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Murray gives Britain lift vs Argentina in Davis Cup semis

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With Andy Murray back, Britain should beat Argentina in Davis Cup this weekend for the first time since 1928 and make the final.

Murray has won the Olympic gold medal and made the Cincinnati final and U.S. Open quarterfinals in the past month, but he has enough left in the tank to play singles and doubles, if need be, Britain captain Leon Smith said.

Murray proved his mettle a year ago in the semifinal against Australia, when he won both of his singles and a five-set doubles.

“There’s no doubt he will be tired. He’s played so much over the summer,” Smith said. “Looking back to last year’s Aussie tie, when he was clearly hurting and fatigued, he went out and gave everything. I don’t think that will change.”

His fitness ought to be tested in the opening singles on Friday, when he’s likely to face Juan Martin del Potro in a rematch of the Olympic final.

Del Potro was still finding his form when he played only doubles in the quarterfinal win over Italy in Italy in July, in his first tie in four years. He followed that with his Olympic run, including a win over Novak Djokovic, and a run to the U.S. Open last eight. He’s match-fit again, and eager to repair a 6-2 losing record to Murray.

He’s the lowest-ranked player in the Argentina squad, and captain Daniel Orsanic wasn’t keen to reveal his lineup until the draw on Thursday. The favorite for the other singles spot must be Federico Delbonis, who won his two singles against Italy, and beat Murray in March at Indian Wells.

Argentina is playing a remarkable 11th semifinal in 15 years, but it faces the defending Davis Cup champions in Murray and his brother Jamie, the U.S. Open doubles champion, who will be backed by a raucous home crowd in Glasgow, Scotland.

If, as expected, Britain wins, then it will host the final in November only if Croatia beats France on another indoor hard court in Zadar.

Croatia’s chances improved when Gael Monfils withdrew from the France team on Thursday because of a knee injury.

Last week, Monfils reached the U.S. Open semifinals.

France was already without Jo-Wilfried Tsonga, also injured, and was now being led by Lucas Pouille, who made his Davis Cup debut in July, and veteran Richard Gasquet.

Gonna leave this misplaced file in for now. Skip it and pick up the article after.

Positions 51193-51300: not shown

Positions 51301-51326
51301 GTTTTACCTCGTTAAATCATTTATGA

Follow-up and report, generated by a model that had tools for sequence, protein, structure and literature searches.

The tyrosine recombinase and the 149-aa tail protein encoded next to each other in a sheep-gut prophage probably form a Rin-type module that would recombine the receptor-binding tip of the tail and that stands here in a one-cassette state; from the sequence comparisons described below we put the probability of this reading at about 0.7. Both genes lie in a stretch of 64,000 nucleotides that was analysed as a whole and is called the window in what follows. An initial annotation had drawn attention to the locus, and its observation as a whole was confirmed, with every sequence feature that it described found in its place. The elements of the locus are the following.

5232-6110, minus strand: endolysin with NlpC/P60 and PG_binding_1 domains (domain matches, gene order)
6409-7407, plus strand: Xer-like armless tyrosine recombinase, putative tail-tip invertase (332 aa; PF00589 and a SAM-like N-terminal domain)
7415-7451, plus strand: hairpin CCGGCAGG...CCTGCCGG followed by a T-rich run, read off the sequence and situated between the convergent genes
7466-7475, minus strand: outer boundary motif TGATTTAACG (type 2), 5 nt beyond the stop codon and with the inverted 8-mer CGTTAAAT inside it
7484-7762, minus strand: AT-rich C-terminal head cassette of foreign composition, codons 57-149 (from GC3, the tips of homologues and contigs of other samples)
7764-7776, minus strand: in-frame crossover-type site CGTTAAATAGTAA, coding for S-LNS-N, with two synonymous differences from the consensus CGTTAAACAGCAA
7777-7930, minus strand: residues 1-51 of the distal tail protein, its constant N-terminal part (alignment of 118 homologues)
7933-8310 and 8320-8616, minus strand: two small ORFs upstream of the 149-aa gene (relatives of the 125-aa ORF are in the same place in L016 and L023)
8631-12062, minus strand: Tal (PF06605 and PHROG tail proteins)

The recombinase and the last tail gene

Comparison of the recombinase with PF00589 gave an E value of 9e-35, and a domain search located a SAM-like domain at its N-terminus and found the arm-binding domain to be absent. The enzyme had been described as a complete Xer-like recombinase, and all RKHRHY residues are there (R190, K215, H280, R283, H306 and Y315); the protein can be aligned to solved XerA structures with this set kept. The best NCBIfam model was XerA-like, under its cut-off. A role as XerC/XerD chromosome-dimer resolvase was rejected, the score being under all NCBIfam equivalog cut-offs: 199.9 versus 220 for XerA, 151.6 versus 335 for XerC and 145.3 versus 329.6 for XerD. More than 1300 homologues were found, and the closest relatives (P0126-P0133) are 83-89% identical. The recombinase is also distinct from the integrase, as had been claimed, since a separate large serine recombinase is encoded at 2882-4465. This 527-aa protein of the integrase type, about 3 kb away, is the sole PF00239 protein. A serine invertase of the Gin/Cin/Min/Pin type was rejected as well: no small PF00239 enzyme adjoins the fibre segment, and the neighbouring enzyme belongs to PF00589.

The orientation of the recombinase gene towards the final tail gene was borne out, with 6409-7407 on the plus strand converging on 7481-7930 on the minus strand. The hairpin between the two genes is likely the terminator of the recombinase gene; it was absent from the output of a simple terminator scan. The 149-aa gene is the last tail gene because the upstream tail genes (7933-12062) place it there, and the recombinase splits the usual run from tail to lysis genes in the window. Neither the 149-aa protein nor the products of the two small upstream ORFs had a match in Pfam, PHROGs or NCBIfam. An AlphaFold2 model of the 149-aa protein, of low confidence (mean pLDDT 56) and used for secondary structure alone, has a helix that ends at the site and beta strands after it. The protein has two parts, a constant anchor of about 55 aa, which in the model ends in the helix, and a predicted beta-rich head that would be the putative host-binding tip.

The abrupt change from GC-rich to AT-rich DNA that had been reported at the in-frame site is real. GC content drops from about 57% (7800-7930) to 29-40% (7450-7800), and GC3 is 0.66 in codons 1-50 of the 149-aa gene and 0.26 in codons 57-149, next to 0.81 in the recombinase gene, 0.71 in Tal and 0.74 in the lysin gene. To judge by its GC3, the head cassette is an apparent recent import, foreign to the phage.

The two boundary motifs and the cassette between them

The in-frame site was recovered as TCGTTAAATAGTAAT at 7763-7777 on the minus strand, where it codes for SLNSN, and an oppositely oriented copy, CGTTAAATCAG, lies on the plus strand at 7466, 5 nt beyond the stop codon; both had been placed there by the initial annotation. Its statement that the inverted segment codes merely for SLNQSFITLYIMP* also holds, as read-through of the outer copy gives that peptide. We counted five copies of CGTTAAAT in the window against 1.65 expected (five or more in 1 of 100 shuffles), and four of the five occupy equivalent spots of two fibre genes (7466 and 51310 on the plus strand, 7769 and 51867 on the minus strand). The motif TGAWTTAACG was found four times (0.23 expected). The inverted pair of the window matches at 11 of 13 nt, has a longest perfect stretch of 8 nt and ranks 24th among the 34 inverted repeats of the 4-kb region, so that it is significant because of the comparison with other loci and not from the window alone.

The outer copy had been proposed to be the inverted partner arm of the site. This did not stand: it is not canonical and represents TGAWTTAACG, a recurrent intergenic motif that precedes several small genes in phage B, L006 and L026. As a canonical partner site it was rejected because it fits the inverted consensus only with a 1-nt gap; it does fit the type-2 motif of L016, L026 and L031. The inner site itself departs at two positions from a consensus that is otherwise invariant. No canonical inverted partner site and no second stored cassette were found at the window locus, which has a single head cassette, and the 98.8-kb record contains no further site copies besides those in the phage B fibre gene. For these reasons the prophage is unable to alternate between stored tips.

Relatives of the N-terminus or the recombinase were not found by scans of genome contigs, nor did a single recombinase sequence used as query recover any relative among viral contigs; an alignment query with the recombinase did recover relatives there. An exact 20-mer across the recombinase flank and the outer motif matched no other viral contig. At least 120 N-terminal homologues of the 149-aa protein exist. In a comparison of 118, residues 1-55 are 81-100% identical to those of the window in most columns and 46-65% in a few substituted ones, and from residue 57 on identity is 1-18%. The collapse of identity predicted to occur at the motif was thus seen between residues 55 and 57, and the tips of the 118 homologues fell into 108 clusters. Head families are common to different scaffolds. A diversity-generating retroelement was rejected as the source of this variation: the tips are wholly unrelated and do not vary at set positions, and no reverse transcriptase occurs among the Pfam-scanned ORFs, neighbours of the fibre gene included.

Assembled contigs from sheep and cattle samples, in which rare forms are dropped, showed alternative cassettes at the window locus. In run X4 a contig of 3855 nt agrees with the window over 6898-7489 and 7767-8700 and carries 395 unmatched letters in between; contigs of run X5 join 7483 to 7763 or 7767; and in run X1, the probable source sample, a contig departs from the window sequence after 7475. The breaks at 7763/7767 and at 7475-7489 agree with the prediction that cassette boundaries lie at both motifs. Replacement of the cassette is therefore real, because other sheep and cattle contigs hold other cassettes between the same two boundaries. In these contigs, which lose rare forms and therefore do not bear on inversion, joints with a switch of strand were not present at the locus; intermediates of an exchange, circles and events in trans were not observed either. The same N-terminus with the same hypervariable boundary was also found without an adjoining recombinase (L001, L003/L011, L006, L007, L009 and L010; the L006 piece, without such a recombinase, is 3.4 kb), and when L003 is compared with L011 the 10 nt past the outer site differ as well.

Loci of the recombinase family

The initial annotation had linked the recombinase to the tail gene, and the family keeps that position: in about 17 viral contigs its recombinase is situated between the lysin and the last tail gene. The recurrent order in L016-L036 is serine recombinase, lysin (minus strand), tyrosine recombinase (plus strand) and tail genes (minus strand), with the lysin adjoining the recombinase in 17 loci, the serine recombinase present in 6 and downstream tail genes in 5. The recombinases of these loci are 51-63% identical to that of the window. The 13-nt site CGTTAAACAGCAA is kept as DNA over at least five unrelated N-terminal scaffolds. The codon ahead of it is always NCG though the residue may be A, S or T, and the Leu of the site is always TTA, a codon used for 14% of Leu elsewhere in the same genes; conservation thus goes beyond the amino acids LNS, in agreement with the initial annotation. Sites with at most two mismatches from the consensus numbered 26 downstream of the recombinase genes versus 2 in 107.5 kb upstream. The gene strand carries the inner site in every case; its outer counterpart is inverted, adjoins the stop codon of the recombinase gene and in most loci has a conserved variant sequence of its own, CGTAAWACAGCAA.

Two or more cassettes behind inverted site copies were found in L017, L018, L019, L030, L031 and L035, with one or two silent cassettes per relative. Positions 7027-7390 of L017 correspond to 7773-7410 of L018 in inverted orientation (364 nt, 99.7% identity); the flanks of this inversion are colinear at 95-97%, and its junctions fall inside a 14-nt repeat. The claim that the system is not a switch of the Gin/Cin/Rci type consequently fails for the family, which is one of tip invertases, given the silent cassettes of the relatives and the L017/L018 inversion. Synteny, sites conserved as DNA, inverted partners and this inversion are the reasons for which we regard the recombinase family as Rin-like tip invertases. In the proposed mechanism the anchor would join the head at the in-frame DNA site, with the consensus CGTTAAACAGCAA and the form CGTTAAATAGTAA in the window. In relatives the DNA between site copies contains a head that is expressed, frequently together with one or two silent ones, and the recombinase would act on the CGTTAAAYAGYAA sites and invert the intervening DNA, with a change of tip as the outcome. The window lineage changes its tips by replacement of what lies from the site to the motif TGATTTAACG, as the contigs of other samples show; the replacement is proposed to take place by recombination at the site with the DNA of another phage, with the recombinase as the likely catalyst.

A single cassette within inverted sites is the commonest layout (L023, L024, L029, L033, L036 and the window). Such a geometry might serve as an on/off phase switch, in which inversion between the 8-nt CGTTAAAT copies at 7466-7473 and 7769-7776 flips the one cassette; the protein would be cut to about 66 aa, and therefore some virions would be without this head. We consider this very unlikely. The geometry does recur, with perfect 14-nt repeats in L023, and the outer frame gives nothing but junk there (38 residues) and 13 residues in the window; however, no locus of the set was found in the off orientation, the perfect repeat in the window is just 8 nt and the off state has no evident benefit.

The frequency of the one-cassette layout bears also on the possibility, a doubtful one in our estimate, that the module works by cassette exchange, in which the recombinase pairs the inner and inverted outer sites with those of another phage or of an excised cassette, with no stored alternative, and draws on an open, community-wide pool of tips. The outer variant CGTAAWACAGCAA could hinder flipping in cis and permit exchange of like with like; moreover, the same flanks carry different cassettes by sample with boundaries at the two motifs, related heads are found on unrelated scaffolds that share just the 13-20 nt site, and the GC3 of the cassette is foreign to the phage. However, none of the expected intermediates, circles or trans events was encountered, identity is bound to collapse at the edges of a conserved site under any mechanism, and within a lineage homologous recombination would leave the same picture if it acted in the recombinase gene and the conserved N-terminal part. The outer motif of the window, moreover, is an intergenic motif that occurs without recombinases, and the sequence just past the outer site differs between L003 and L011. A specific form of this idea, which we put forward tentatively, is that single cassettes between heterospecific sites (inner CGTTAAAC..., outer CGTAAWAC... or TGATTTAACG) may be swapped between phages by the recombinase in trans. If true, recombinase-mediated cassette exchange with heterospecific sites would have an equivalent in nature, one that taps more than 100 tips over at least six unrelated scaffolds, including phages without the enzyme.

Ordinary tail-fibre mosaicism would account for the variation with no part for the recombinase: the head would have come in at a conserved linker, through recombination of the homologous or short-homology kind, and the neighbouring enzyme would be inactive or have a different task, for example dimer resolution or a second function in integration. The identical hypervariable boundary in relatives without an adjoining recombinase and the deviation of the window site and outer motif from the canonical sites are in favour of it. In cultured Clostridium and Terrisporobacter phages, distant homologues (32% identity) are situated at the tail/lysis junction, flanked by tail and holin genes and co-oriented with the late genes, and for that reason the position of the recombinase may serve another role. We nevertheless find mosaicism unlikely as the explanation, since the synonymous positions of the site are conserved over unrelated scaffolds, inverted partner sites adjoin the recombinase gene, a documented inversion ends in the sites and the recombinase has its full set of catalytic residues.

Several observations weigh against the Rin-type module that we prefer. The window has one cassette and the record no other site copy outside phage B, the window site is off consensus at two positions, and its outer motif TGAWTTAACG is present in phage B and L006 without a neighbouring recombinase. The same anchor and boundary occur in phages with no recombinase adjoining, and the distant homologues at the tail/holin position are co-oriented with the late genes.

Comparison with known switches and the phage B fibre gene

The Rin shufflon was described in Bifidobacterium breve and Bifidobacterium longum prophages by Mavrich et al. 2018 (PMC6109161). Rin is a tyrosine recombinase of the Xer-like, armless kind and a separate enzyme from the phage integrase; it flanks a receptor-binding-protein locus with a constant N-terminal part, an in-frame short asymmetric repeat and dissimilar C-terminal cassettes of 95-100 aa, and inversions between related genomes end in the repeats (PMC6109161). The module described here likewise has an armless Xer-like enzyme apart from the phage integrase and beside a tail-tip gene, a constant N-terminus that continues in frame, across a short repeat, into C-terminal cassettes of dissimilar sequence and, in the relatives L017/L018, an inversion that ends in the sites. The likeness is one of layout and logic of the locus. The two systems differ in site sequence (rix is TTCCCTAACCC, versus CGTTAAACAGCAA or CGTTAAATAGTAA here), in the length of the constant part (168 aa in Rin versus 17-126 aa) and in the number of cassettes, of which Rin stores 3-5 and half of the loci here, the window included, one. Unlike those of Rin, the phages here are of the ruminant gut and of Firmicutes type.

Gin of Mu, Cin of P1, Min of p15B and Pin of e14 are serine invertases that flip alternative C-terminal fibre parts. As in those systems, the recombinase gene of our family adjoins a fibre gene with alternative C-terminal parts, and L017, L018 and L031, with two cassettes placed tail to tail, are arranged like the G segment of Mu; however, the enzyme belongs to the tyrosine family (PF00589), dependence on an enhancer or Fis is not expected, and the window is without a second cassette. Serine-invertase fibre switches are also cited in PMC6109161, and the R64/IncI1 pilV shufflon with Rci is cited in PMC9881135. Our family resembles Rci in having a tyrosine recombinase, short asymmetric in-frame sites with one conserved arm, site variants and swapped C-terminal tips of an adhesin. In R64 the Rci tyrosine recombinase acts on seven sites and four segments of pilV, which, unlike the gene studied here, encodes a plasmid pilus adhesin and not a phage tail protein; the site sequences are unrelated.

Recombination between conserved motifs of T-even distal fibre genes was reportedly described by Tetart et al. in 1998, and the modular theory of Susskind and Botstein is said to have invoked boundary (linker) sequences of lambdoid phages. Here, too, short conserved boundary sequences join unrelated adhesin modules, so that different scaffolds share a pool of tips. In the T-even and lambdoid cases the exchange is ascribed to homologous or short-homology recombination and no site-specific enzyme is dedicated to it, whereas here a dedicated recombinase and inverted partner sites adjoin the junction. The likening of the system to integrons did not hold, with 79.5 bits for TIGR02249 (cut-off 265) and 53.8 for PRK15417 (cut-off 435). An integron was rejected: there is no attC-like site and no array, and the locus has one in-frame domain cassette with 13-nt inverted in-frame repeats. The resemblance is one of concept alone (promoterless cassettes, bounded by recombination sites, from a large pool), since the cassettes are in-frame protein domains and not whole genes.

Croatia impressively came from 2-0 down to beat the United States away in July, thanks to Marin Cilic and Borna Coric. Since then, Cilic won the Cincinnati title, while Coric retired in the U.S. Open first round with an inflamed tendon in his knee. He’s had almost three weeks to recover.

Top-seeded John Isner wins 3rd Hall of Fame title

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NEWPORT, R.I. — Top-seeded John Isner beat Australian qualifier Matthew Ebden 6-3, 7-6 (4) on Sunday for his third Hall of Fame Open title.

The hard-serving American also won the grass-court event in 2011 and 2012. He has 11th career titles, all at the ATP World Tour 250 level.

“It’s hard to win a tournament,” Isner said. “It’s no small feat to come out here and be the last man standing. I’m very happy about that. It’s been two years since I won a tournament, so I had that weighing on my mind.”

Isner became the second player to win an ATP title without facing a break point since records began in 1991. Tommy Haas also accomplished the feat in Memphis, Tennessee, in 2007.

“I’m very happy with how I played all week,” Isner said. “It was a perfect week and I couldn’t ask for anything better.”

Ebden was playing his first tour-level final.

“It’s a lot of reward for a lot of hard work, a lot of years of sacrifice,” Ebden said. “It’s disappointing, but at the same time I have to be happy with my week.”

Roddick, Clijsters among Tennis Hall of Fame inductees

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NEWPORT, R.I. — Andy Roddick says jokingly he can now keep Roger Federer from a unanimous selection for the International Tennis Hall of Fame.

As a new inductee, Roddick gets to vote on future candidates. He jested ahead of his enshrinement on Saturday that he’ll use it to get back at Federer, who stood in his way during at least four Grand Slam finals.

Roddick joins inductees Kim Clijsters, six-time Paralympic medalist Monique Kalkman and journalist and historian Steve Flink. Tennis instructor and innovator Vic Braden was to be inducted posthumously.

Roddick won one Grand Slam and lost to Federer in the finals four times. He says he doesn’t ask himself what would have happened if he hadn’t come along at the same time of perhaps the greatest player.

He says the first text he got when he woke up Saturday was from Federer. Says Roddick: “He makes it extremely hard not to like him as a person.”